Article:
f_0010077_7824 - The Bush Administrations Legacy...

Info iconThis preview shows pages 1–2. Sign up to view the full content.

View Full Document Right Arrow Icon
The Ambassadors REVIEW 1 The Bush Administration’s Legacy Condoleezza Rice Secretary of State hat will be the legacy of the Bush administration? That is a question that will surely occupy historians for decades to come, and it will likely be the topic of many doctoral dissertations—some of which I imagine I will even supervise upon returning to Stanford on January 20, 2009. Still, we can say a few things about this question now. This is an administration that had the challenge of serving at one of the most transformational times in recent memory. It is a time that has seen the tectonic plates of the international system shift considerably. It is a time that has seen many nations at once rising to new positions of global power and influence, especially in Asia. It is a time in which the old order in the Middle East has come apart and a different, better set of bargains is being slowly but surely put in place. And it is a time that saw the most horrific attack on the American homeland in our nation’s history—an instance of strategic surprise in which our administration was compelled to rethink what constituted challenge and what might emerge as opportunity. These are sweeping, historical challenges, and securing the United States and furthering our global leadership in this rapidly changing world will be the work of a generation. Success will require the concerted effort of many administrations, but I am confident that our administration has laid a foundation upon which future US leaders, both Republican and Democratic, will be able to work over time to support the growth of an international order that protects our interests and reflects our values. This international order must rest, as all others before it have, on a base of constructive relationships between powerful and influential states—states with which we can work in concert to solve common global problems—and our administration has made a significant contribution to that effort. We have begun to transform the transatlantic alliance. Twelve of the 28 NATO allies are now former captive nations, which is changing the character of the alliance. We also have expanded our alliance’s mission to not only secure and strengthen a Europe whole, free, and at peace, but also to promote our shared ideals in places as different as Georgia, Sudan, Iraq, and perhaps most significantly, Afghanistan. We have begun to transform our traditional alliances with democratic powers in Asia like Japan, South Korea, and Australia—making our partnerships platforms not only for our common regional defense, but also for tackling the global challenges of the 21 st century: expanding trade and development, fighting terrorism and proliferation, fostering energy security, stemming climate change, and defending freedom and democracy. W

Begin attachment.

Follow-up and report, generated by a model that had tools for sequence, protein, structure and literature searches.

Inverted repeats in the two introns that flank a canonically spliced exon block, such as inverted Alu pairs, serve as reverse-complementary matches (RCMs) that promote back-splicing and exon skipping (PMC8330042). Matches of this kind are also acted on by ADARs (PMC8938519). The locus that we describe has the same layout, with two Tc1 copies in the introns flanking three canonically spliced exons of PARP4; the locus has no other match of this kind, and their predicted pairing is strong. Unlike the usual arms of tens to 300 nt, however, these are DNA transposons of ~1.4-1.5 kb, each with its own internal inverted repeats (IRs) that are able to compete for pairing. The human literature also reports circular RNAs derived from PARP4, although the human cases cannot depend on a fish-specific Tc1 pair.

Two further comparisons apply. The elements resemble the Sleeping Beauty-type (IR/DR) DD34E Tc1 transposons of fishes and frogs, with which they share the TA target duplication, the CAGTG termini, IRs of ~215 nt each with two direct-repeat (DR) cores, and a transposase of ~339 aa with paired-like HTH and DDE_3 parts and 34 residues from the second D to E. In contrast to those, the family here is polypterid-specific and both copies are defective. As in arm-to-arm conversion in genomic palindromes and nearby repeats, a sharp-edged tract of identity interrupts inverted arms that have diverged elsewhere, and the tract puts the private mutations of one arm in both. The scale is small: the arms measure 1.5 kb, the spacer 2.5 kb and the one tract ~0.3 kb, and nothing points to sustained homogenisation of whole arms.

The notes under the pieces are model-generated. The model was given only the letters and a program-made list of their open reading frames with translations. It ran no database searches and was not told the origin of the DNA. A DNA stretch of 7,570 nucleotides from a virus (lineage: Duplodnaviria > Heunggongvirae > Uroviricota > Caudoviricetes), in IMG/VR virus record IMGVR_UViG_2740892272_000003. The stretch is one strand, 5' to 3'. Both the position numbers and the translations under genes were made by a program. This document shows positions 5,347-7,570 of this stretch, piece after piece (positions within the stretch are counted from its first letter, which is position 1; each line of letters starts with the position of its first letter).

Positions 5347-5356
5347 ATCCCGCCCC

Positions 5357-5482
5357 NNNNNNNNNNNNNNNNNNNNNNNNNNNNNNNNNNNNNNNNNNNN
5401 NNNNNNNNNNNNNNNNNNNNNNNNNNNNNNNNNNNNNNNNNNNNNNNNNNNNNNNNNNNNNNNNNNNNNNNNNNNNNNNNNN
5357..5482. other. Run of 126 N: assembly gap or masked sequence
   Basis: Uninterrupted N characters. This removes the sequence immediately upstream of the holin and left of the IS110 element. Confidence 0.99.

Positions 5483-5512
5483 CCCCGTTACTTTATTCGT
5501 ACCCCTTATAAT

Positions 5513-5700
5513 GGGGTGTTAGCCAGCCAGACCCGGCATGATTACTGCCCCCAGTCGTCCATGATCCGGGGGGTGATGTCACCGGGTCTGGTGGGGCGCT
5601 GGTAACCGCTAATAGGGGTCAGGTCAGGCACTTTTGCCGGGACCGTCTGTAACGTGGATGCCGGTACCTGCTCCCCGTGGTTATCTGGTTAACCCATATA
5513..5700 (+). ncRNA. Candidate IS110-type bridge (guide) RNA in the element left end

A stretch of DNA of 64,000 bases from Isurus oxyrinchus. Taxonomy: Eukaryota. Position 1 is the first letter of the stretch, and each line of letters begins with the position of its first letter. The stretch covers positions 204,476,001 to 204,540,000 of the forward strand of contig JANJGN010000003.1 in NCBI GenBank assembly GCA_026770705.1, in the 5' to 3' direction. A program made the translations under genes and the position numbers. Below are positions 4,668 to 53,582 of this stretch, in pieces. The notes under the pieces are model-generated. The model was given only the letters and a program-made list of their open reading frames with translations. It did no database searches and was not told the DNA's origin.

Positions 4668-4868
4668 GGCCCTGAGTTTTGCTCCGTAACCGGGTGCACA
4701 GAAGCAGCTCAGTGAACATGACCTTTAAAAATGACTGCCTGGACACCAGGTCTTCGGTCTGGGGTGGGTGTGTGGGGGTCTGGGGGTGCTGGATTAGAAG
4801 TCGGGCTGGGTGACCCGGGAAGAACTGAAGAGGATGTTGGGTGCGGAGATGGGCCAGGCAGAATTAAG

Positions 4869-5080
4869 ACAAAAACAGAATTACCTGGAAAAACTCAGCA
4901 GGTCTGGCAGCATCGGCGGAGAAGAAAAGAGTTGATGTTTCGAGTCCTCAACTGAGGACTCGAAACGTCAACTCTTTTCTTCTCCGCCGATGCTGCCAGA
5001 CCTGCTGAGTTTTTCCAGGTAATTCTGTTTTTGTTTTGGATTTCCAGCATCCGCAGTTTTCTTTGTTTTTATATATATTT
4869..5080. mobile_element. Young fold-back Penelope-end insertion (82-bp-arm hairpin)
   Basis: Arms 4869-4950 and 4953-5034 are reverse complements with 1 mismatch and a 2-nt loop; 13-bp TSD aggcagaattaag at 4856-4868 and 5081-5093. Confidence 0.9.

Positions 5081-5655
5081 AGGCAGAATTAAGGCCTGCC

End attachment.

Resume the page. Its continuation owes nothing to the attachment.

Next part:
Background image of page 1

Info iconThis preview has intentionally blurred sections. Sign up to view the full version.

View Full DocumentRight Arrow Icon
Image of page 2
This is the end of the preview. Sign up to access the rest of the document.

This note was uploaded on 01/25/2012 for the course POLS 494 taught by Professor Garymoncrief during the Fall '11 term at Boise State.

Page1 / 6

f_0010077_7824 - The Bush Administrations Legacy...

This preview shows document pages 1 - 2. Sign up to view the full document.

View Full Document Right Arrow Icon
Ask a homework question - tutors are online